Mr. Claus Spreckels of San Francisco has furnished the following report of the conditions of that great industry in California. California might well be proud of her development in this direction, in which she leads all States in the Union, with a promised development impossible to her competitors. Mr. Spreckels says : The success that has marked the development of the beet sugar industry in California during the past ten years has been gratifying to those who have labored to that end, and who now see it firmly established as one of the leading industries of the State. The abundant evidence afforded of capital rapidly flowing in this new direction attests the value and adaptability of California soil and climate to the culture of the sugar beet. New factories are being built and the capacity of many now in operation doubled. Thousands of acres are being planted to beets which heretofore were devoted to grazing and grain raising. They will not only yield greater returns to the farmer, but will give employment to a vastly larger number of laborers.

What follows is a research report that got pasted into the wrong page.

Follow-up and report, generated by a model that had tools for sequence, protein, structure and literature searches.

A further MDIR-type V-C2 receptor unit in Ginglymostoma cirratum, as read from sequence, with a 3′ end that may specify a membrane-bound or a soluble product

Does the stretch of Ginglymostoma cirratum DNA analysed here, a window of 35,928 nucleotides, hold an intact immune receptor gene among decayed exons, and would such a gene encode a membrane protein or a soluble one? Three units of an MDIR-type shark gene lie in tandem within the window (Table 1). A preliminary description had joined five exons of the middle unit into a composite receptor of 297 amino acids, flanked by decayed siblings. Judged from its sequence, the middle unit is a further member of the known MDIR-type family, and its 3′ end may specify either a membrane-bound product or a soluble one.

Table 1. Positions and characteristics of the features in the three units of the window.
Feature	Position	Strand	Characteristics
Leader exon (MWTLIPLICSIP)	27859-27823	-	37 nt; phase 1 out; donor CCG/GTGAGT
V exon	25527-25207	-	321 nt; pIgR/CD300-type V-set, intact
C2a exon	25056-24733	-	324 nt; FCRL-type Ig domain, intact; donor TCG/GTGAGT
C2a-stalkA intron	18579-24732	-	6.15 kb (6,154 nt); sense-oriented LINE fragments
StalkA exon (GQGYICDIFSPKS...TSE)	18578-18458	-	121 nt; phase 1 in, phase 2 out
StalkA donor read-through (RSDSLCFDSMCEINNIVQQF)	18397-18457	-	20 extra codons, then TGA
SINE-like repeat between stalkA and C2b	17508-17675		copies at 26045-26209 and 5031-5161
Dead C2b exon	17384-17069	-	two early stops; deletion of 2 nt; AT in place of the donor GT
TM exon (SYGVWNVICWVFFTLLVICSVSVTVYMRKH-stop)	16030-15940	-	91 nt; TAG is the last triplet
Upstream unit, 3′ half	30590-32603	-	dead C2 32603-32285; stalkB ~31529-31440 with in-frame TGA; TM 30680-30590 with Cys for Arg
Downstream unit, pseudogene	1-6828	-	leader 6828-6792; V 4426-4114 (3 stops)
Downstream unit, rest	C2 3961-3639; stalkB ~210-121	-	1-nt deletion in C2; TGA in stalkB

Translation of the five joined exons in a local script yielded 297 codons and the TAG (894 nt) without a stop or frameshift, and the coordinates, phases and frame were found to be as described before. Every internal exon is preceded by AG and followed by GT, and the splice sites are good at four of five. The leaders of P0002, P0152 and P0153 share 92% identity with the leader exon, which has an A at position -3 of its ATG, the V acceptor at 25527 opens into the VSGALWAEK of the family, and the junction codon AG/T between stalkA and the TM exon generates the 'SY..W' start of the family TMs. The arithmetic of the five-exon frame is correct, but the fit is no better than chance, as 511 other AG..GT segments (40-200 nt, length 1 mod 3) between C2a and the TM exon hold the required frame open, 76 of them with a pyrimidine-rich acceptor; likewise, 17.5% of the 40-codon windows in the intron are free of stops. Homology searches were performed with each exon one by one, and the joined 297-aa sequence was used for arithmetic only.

The operating beet sugar factories of the State are located as follows: Spreckels Sugar Company, Spreckels, near Salinas, Monterey County; American Beet Sugar Company, Oxnard, Ventura county; Chino Valley Beet Sugar Company, Chino, Riverside county; Alameda Sugar Company, Alvarado, Alameda County; California Beet Sugar Refining Company, Crockett, Contra Costa county; Union Sugar Company, Santa Maria, San Luis Obispo county; Los Alamitos Sugar Company, Los Alamitos, Orange County.

Estimated Output - Season 1899
Short Tons
Spreckels Sugar Co. 25,000
American Beet Sugar Co. 10,000
Alameda Sugar Co. 4,500